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What Masonry means to people

Their thoughts on the Meaning of Masonry

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Turning The Hiram Key

Find out what Masonry means to Robert by reading his latest book, Turning The Hiram Key.

- Robert's own thoughts about his new book
- The official launch website
- Get hold of a signed copy
By Jason Florentino
I would first like to start off by saying that I have searched for a higher understanding and a higher meaning in my life since I was 15. I simply wanted to know more. Most organized religions have given me a sense of uneasiness due to their dogmatic and selfish ways. I believed in the God they were talking about, but I didn't believe that they're hearts were behind the truth. They simply needed comfort. I have been curious about the Masons since I was 10 however; my great-grandfather was a Mason and when he died, I inherited his Bible. I have since then become a man. I am 22 now. I have read many books on MANY ideas, and have been largely affected by The Hiram Key and The Book of Hiram. I have yet to read ALL of the books you have published, but the day is fast approaching. Keep in mind that I am not a Mason, however I am still ambivalent about joining, or being accepted.

Should Freemasonry be secret, or should we be more open about it?

In the grand scheme of things, I don't feel that Freemasonry is secretive because they have secrets to keep. Rather, it is secretive, because the knowledge & overall worldly disposition of religion is too much for ninety percent of the world. To truly know what has happened in history, the amount of cover-ups that have been in play; it would take a strong individual or GROUP of individuals (such as Masons) to be able to handle the information, control it, and use it for a better purpose. If you were more open about the things that went on, people would mistrust your honesty; so sometimes the greatest secrets are left to the best secret-keepers.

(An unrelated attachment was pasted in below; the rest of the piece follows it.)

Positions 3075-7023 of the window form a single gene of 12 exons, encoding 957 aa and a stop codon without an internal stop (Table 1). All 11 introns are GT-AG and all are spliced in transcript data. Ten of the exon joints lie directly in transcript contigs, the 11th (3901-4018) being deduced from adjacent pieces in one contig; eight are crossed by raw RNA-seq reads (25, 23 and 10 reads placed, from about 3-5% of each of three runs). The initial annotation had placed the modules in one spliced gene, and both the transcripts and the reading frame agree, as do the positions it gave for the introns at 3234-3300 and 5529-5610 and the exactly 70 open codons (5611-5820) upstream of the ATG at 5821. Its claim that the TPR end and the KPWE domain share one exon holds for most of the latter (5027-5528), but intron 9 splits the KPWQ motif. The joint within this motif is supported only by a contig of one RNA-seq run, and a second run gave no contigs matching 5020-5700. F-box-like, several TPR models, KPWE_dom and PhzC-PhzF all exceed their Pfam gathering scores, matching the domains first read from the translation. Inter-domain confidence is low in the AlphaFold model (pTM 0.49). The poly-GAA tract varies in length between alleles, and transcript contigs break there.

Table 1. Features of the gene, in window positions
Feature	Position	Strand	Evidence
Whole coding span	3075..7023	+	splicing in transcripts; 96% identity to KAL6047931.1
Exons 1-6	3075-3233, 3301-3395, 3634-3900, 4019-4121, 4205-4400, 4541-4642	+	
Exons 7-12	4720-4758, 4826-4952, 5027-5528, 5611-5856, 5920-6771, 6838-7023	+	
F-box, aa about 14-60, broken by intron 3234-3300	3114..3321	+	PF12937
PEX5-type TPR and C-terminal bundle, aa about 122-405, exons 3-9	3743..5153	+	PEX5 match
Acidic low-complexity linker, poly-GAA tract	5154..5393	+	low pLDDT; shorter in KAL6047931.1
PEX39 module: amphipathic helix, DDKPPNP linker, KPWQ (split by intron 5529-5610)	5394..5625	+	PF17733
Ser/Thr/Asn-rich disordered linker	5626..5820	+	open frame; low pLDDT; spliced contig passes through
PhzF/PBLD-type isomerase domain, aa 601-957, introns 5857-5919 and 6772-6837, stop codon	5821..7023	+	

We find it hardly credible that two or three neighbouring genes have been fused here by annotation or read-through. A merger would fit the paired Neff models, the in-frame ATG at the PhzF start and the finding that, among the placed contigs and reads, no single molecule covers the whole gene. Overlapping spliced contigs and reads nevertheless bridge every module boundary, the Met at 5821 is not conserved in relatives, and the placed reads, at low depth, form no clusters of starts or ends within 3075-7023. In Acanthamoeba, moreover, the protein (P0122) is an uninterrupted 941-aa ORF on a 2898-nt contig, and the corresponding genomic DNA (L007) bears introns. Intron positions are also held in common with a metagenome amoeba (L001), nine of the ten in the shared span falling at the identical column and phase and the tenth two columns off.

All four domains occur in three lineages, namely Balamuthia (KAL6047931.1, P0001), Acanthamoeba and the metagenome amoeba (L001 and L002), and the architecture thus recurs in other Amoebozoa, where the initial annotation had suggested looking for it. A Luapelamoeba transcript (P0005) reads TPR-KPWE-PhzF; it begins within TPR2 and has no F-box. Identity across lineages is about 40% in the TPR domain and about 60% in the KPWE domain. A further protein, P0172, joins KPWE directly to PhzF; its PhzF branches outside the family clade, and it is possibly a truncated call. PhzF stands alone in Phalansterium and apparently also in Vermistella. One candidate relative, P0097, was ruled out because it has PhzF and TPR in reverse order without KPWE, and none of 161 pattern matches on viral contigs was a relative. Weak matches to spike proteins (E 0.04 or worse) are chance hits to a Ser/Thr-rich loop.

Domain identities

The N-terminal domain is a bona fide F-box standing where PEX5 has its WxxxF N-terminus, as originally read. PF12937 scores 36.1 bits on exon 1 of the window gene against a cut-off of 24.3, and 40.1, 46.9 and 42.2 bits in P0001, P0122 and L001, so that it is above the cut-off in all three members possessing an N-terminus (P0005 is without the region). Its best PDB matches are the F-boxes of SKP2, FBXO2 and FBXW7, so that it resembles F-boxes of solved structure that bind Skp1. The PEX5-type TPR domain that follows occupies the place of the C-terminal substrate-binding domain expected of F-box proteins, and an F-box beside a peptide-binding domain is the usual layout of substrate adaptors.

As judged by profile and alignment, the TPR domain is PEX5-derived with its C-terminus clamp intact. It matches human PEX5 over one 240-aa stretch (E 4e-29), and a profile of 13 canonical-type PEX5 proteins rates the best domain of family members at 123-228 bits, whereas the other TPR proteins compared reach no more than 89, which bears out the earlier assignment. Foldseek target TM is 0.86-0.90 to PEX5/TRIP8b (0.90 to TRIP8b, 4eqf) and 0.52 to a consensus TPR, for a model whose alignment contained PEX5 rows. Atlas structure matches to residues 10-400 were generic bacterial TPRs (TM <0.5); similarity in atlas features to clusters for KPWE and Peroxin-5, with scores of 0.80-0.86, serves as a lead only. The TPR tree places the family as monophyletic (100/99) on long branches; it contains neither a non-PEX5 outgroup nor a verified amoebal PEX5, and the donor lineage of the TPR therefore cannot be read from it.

What does Masonic ritual mean to you?

Since I am not fully knowledgeable with most of the ritual, I cannot say. The books that have been written by Chris & Robert have probably opened the eyes of quite a few Masons, as well as those who are not initiated.

The main point I wanted to get across is my personal ambivalence towards joining. I have met quite a few Masons who, at first glance (when I say glance, they look me up and down, judge my character) wonder if I am at that point to be something positive for Masonry. I feel that Masonry is for bettering self, with the help of your brothers and God above. I have met one Mason who told me flat out, "You don't join, you are given permission to join." Then when I questioned him further, as to the things that they do together, aside from the ritual, it basically came across as picnics with families and a lot of drinking. I am not opposed to the idea, but I am not interested in a college frat party once a month. I seek spiritual enlightenment, and all I've heard of is the great parties they throw. I'm sure that there is more under it, but it is still disheartening to see that with the widespread membership of Masonry, it has lost its true purpose, it's true secrets. It was about God above; now it seems to be about brotherhood, and not even in fellowship....just a big overexaggerated college frat. I wonder if I might be in the wrong location for joining. Perhaps Scotland would be more after the idea of enhancing those who join. Yet I still feel like Chris & Robert are probably some of the only Masons who hold strong to seeking the truth. Thank you for allowing me to rant.

By Brian